Rachel, Outreach Archivist.

Rachel is the new Outreach Archivist and has spent the last six years working in the Alaska & Polar Regions Collections & Archives (APR) at the University of Alaska Fairbanks. She spent two years working primarily in reference and processing collections, then moved on to catalog manuscripts and rare maps, work with donors and appraise potential donations, and organize presentations and exhibits that highlighted the collections and services of APR. Rachel received her MSLIS with an Archives concentration from Simmons College in January 2006 and spent her first two years out of school working as a reference librarian at a public library in Westminster, MA. Rachel’s superpower is she talks at the speed of light!

Amy, Rare Books and Manuscripts Archivist.

Amy, Rare Books and Manuscripts Archivist.

Amy is the new Rare Books and Manuscripts Archivist. She started in this new position on October 19, but she’s already been at SCUA for a little over two years as a Project Archivist. You may have already read some of her blog posts, highlighting collections she has processed, or just those she thinks are cool. She came to ISU from the University of Illinois, where she received her MSLIS in 2013 and spent two years working as a Graduate Assistant at the Rare Book and Manuscript Library. Outside of work, Amy likes to dance. She has done ballet, jazz, clogging, Lindy Hop, Charleston, and most recently Scottish country dance.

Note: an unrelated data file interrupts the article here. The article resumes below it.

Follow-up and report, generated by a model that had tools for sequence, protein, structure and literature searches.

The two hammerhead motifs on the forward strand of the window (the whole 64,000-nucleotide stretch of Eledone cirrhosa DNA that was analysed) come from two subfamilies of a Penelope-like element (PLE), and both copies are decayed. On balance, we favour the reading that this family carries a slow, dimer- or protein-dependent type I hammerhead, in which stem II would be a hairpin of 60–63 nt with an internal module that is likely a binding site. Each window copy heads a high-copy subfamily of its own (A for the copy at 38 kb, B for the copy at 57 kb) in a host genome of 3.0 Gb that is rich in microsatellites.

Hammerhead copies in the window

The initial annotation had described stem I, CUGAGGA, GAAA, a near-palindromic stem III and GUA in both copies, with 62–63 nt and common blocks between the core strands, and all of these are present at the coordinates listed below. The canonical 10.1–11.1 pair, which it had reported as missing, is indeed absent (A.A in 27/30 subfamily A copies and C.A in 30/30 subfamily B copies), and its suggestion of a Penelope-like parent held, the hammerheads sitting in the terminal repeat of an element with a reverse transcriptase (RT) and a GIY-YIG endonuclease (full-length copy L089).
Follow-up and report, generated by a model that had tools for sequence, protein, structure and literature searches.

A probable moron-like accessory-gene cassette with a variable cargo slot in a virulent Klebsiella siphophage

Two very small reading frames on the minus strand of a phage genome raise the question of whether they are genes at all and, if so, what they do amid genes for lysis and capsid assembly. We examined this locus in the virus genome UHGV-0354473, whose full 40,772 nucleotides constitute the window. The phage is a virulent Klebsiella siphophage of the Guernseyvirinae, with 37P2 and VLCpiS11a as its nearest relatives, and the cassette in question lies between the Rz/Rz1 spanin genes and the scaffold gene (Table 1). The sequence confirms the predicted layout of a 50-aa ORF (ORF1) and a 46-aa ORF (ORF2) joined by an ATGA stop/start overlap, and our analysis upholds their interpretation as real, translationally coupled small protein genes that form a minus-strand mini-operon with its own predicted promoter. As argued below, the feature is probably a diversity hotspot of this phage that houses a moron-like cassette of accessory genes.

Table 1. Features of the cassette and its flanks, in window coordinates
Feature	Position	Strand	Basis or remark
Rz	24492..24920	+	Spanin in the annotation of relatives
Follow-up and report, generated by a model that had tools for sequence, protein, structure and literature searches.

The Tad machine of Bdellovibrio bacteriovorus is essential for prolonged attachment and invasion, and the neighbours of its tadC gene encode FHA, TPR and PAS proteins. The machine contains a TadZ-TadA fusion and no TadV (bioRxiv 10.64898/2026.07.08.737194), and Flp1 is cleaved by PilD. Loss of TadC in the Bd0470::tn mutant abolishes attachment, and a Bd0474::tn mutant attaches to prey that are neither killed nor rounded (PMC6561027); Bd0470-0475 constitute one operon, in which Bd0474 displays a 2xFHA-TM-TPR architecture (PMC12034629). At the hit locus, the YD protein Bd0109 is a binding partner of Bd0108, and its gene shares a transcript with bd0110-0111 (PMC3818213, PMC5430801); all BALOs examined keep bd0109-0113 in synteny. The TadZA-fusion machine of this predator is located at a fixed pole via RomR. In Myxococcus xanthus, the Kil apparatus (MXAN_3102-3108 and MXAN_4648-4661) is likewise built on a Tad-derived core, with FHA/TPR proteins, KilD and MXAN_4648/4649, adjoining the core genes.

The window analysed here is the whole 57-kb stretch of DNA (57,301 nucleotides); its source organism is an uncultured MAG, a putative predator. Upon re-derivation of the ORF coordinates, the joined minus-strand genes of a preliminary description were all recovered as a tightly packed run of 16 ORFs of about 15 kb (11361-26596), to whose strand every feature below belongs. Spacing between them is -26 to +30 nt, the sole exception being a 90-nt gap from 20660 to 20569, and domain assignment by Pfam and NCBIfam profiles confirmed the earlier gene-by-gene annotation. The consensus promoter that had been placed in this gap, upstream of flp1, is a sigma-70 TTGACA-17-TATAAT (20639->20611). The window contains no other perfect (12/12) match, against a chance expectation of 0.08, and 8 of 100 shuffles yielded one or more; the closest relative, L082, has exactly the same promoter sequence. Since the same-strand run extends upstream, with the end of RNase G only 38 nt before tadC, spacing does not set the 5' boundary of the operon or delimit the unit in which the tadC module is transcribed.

Brad, University Archivist.

Brad, University Archivist.

Brad was named the University Archivist this past November. His new job didn’t take him too far from his old one as he has been a staff member of SCUA at Iowa State for over twelve years. During this time he was in a supporting role working mostly with University records and the film and media collections. Now as University Archivist, he is responsible for documenting the history of the University–an impossible task if not for the amazing work that the rest of the staff in the department does. Brad has lived in Iowa his entire life, growing up outside of Maynard in northeast Iowa. He is a graduate of Iowa State University (BFA 2000) and recently received his MLIS from the University of Wisconsin—Milwaukee.


#ERecsDay 2015

Electronic Records Day logo

October 10th is Electronic Records Day – time to take stock of what we are doing to handle our digital records and time to figure out what help we need to do so.

Electronic records can become unreadable very quickly. While records on paper have been read after thousands of years, digital files can be virtually inaccessible after just a few. – Council of State Archivists, “10 Reasons for E-Records” (2015).

This #ERecsDay you can take a step towards helping your own digital photographs survive into the future – make sure you describe them. Adding tags or other description is a simple step that will help people in the future identify what’s in each file.

For more on personal digital archiving, check out last year’s post on Electronic Records Day 2014.